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What is the incidence of cauda equina syndrome? A systematic review

PainSci » bibliography » Hoeritzauer et al 2020
updated
Tags: red flags, back pain, sciatica, pain problems, spine, butt, hip

One article on PainSci cites Hoeritzauer 2020: Complete Guide to Low Back Pain

PainSci commentary on Hoeritzauer 2020: ?This page is one of thousands in the PainScience.com bibliography. It is not a general article: it is focused on a single scientific paper, and it may provide only just enough context for the summary to make sense. Links to other papers and more general information are provided wherever possible.

This is the best synthesis of limited data on the incidence of CES available. It contradicts the popular idea that a family doctor will see only “one case in their career.” That is based on a zombie citation to dubious data, as explored by Tom Jesson in his search for its origins and the best modern evidence-based estimate. Bottom line: we don’t really know, it’s probably more like “a few,” and “several” for specialists in musculoskeletal medicine.

Reassuringly, this data also showed that only about 20% of people with suspected CES actually do.

~ Paul Ingraham

original abstract Abstracts here may not perfectly match originals, for a variety of technical and practical reasons. Some abstacts are truncated for my purposes here, if they are particularly long-winded and unhelpful. I occasionally add clarifying notes. And I make some minor corrections.

OBJECTIVE: Cauda equina syndrome (CES) is a surgical emergency requiring timely operative intervention to prevent symptom progression. Accurately establishing the incidence of CES is required to inform healthcare service design and delivery, including out-of-hours imaging arrangements.

METHODS: A systematic literature search of MEDLINE, EMBASE, and Scopus was undertaken to identify original studies stating the incidence of CES, and the estimates were combined in a meta-analysis as described in the protocol registered with PROSPERO (registration no. CRD42017065865) and reported using the PRISMA guidelines.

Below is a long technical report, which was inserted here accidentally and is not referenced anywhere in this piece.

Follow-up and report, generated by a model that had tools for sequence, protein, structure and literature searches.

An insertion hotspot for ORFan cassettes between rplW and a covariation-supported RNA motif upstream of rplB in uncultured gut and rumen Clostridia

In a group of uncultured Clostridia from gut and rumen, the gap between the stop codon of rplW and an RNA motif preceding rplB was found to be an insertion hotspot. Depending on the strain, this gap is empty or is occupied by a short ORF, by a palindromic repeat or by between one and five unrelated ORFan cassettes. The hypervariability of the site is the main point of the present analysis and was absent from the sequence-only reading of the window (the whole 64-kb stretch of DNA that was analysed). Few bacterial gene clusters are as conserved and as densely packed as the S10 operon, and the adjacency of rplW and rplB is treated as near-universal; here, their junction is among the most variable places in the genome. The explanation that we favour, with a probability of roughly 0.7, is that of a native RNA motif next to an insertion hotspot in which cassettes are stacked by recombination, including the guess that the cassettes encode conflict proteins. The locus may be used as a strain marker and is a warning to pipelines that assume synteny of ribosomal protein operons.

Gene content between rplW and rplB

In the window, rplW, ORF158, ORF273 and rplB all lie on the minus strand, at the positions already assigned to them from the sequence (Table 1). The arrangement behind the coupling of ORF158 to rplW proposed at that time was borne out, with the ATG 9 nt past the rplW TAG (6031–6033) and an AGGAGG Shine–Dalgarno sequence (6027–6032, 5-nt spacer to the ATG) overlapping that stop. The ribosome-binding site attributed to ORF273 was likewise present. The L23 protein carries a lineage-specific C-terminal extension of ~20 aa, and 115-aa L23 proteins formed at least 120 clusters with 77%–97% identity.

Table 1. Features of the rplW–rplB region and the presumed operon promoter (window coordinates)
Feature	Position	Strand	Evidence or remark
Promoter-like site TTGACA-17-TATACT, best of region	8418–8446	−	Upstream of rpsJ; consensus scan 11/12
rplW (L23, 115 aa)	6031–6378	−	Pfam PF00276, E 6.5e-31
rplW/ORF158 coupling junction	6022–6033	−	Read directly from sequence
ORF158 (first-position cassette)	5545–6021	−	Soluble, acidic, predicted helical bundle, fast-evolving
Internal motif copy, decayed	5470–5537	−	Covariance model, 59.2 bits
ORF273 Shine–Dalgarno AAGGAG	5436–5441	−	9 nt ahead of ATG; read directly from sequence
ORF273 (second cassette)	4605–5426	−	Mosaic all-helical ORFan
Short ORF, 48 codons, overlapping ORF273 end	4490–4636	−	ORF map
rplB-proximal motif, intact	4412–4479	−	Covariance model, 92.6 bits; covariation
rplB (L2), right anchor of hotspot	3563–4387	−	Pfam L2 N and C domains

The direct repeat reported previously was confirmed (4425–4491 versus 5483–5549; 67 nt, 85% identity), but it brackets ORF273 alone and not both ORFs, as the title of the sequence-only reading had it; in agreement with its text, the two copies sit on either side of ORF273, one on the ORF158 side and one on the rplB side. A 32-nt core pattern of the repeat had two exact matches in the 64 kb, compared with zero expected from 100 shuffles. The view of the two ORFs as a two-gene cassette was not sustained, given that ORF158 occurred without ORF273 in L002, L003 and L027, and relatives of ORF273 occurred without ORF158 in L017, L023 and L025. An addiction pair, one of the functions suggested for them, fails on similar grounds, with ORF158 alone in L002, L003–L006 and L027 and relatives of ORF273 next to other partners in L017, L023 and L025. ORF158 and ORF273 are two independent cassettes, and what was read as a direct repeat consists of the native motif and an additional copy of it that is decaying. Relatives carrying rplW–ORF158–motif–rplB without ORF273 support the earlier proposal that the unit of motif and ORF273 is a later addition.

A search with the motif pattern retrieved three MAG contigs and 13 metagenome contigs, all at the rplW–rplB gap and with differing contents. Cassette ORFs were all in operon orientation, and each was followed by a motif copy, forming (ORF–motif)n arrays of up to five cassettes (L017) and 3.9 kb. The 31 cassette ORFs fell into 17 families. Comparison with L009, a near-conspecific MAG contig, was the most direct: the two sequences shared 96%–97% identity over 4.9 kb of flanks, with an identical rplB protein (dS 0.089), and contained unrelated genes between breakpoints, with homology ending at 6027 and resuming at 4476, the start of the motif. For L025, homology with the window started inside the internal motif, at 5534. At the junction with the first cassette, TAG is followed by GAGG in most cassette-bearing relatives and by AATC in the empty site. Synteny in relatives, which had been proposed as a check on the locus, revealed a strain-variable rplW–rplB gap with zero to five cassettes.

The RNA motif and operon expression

RESULTS: A total of 1281 studies were identified, and 26 studies were included in the review. Data about CES incidence were available from 3 different populations: asymptomatic community populations, patients with nontraumatic low-back pain, and patients presenting as an emergency with suspected CES. The incidence of CES was 0.3-0.5 per 100,000 per year in 2 asymptomatic community populations, 0.6 per 100,000 per year in an asymptomatic adult population, and 7 per 100,000 per year in an asymptomatic working-age population. CES occurred in 0.08% of those with low-back pain presenting to primary care in 1 study, and a combined estimate of 0.27% was calculated for 4 studies of those with low-back pain presenting to secondary care. Across 18 studies of adults with suspected CES, 19% had radiological and clinical CES. Difficulties in comparison between studies resulted from the heterogeneous definitions of CES and lack of separation of more advanced CES with retention, which is unlikely to be reversible. In the studies of patients with suspected CES, the small sample size, the high number of single-center studies (18/18), the high number of studies from the United Kingdom (17/18), the retrospective nature of the studies, and the high number of abstracts rather than full texts (9/18) reduced the quality of the data.

CONCLUSIONS: From current studies, it appears that CES occurs infrequently in asymptomatic community populations and in only 19% of those presenting with symptoms. Determining accurate incidence figures and designing a bespoke service for investigation of patients with suspected CES would require a consensus clinical and radiological definition of CES and international multisite studies of patient pathways of investigation and management.

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